Since our small town (population less than three thousand) has a Halloween parade and carnival on Saturday night, tonight has been designated as Trick or Treat night in Davis, Oklahoma.
I was one of those over protective mothers when our kids were little. No way were they going to be encouraged to walk up to strangers' houses and take candy that might have poison in it. But when Lemar was six and Amy was almost four, I was managing an apartment complex in Tishomingo, Oklahoma and I reassessed the situation. I knew all the folks in my complex and if one of them did something stupid like give my kids tainted candy, I had the power to evict them.
So I agreed that they could go to the fifty apartments in our complex and over to their grandmother's place and aunt's and uncle's to Trick or Treat. But alas, I made the decision too late and there were no more costumes down at the store.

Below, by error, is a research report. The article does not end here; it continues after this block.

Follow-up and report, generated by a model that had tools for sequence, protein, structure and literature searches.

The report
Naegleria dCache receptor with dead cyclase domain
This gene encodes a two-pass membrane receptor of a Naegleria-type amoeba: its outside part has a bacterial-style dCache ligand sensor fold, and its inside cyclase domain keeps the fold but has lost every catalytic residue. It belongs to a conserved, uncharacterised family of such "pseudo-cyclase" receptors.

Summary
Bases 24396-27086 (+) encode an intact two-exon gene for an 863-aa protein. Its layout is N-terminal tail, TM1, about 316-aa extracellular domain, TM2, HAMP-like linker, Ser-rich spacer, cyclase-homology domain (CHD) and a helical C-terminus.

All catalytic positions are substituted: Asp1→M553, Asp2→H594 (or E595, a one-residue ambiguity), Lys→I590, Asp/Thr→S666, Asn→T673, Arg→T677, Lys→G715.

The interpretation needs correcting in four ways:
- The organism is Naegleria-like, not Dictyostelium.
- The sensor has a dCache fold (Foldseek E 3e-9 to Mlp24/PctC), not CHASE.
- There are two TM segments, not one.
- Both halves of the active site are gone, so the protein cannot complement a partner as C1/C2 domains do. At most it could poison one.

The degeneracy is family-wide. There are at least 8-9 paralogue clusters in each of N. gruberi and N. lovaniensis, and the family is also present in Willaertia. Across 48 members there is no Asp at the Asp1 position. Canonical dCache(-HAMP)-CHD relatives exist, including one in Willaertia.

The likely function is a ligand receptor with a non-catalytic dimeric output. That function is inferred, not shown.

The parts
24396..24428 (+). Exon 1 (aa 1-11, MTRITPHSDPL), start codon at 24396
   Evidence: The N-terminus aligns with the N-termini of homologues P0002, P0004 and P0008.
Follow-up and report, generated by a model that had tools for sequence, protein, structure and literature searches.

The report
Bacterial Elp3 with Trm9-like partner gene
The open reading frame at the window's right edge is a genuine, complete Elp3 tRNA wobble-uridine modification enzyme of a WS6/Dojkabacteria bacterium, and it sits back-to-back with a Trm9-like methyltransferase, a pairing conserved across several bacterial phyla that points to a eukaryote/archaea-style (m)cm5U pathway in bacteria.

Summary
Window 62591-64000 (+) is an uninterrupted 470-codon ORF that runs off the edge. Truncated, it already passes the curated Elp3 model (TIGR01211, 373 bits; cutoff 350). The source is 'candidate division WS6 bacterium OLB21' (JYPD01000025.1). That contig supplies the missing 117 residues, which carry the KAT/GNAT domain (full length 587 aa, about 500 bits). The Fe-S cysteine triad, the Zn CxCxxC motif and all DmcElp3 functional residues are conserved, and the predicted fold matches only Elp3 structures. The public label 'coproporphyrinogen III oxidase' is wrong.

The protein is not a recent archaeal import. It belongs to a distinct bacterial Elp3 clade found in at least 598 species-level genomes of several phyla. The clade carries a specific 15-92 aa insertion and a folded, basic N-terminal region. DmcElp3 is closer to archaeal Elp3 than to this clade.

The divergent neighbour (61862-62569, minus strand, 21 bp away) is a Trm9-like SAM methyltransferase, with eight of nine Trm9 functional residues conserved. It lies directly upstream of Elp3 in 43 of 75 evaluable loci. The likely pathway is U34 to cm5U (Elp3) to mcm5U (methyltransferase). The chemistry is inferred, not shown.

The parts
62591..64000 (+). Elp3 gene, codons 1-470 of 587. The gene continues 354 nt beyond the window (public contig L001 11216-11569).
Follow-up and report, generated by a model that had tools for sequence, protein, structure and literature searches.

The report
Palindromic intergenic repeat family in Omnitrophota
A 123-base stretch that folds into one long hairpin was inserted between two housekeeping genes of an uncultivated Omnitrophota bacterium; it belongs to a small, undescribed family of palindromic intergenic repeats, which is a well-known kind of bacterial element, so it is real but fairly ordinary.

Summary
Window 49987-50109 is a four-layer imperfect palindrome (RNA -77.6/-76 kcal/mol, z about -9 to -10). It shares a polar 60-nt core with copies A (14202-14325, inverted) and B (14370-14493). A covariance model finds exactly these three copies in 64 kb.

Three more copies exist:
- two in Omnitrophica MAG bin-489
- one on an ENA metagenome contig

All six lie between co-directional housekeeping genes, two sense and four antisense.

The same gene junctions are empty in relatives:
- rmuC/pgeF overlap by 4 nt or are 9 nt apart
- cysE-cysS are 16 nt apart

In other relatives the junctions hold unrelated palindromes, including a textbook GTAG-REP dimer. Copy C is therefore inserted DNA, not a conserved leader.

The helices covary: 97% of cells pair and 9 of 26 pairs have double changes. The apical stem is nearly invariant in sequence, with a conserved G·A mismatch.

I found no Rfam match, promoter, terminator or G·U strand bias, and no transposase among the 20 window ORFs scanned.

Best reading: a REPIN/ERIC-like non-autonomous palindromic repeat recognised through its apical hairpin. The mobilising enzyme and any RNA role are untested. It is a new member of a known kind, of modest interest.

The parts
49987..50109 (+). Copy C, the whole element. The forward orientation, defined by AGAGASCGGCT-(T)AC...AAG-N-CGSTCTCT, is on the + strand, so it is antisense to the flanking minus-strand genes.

That was when I looked at my handsome son and decided he would be a Kentucky gentleman that evening. I slicked his hair back and put one of his father's fancy vests on him along with jeans and a white shirt and tie. He had a set of toy six guns so we added those to the costume and tucked a card in his vest pocket and he was not only a gentleman but a gambler.
Then it was on to his four year old sister. It was in the days of long dresses so I figured she could wear one of those and compliment his new status as gambler and gentleman. I pulled her long blonde hair up in a fancy do and put a little makeup on her face, reminding her again not to ever use anything but what came out of the bathroom. (She was the child who ground up poison ivy leaves the summer before until they were a paste and applied it to her face for pretend makeup. And yes, we did wind up in the emergency room!)
Lemar stood there and watched while I worked on my makeshift costume for Amy and finally drew his little dark brows down and asked. "What is she anyway, Mama?"
"I'm making her into a lady," I answered.
"You are making a lady out of that?" His eyes were big as silver dollars.
And that is one of my favorite memories! Do kids still come to your door? Do you have a favorite memory?